Error methods – compared with uncertainty methods – offer simpler, more intuitive and practical procedures for calculating measurement uncertainty and conducting quality assurance in laboratory medicine. However, uncertainty methods are preferred in other fields of science as reflected by the guide to the expression of uncertainty in measurement. When laboratory results are used for supporting medical diagnoses, the total uncertainty consists only partially of analytical variation. Biological variation, pre- and postanalytical variation all need to be included. Furthermore, all components of the measuring procedure need to be taken into account. Performance specifications for diagnostic tests should include the diagnostic uncertainty of the entire testing process. Uncertainty methods may be particularly useful for this purpose but have yet to show their strength in laboratory medicine. The purpose of this paper is to elucidate the pros and cons of error and uncertainty methods as groundwork for future consensus on their use in practical performance specifications. Error and uncertainty methods are complementary when evaluating measurement data.
Several studies have shown that recommendations related to how laboratory testing should be performed and results interpreted are limited in medical guidelines and that the uptake and implementation of the recommendations that are available need improvement. The EFLM/UEMS Working Group on Guidelines conducted a survey amongst the national societies for clinical chemistry in Europe regarding development of laboratory-related guidelines. The results showed that most countries have guidelines that are specifically related to laboratory testing; however, not all countries have a formal procedure for accepting such guidelines and few countries have guideline committees. Based on this, the EFLM/UEMS Working Group on Guidelines conclude that there is still room for improvement regarding these processes in Europe and raise the question if the accreditation bodies could be a facilitator for an improvement.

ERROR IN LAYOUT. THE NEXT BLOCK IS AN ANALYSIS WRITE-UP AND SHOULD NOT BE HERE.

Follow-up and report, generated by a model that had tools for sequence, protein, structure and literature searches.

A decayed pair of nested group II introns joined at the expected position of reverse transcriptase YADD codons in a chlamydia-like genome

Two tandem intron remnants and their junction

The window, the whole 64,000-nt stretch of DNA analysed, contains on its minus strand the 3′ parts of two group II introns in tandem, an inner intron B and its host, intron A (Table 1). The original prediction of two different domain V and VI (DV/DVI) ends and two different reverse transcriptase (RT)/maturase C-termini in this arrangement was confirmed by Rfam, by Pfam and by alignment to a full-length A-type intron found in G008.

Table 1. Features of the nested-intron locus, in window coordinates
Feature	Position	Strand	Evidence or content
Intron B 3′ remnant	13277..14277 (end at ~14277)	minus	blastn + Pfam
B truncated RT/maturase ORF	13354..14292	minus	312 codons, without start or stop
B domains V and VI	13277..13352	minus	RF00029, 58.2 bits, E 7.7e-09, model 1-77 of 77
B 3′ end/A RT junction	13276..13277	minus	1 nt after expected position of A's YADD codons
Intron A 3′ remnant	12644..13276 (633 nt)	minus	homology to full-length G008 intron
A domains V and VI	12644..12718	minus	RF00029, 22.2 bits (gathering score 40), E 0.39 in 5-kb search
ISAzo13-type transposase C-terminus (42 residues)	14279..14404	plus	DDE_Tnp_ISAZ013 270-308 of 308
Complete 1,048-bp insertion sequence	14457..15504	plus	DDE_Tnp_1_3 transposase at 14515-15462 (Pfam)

Clinical practice guidelines (CPG) are written with the aim of collating the most up to date information into a single document that will aid clinicians in providing the best practice for their patients. There is evidence to suggest that those clinicians who adhere to CPG deliver better outcomes for their patients. Why, therefore, are clinicians so poor at adhering to CPG? The main barriers include awareness, familiarity and agreement with the contents. Secondly, clinicians must feel that they have the skills and are therefore able to deliver on the CPG. Clinicians also need to be able to overcome the inertia of “normal practice” and understand the need for change. Thirdly, the goals of clinicians and patients are not always the same as each other (or the guidelines). Finally, there are a multitude of external barriers including equipment, space, educational materials, time, staff, and financial resource. In view of the considerable energy that has been placed on guidelines, there has been extensive research into their uptake. Laboratory medicine specialists are not immune from these barriers. Most CPG that include laboratory tests do not have sufficient detail for laboratories to provide any added value. However, where appropriate recommendations are made, then it appears that laboratory specialist express the same difficulties in compliance as front-line clinicians.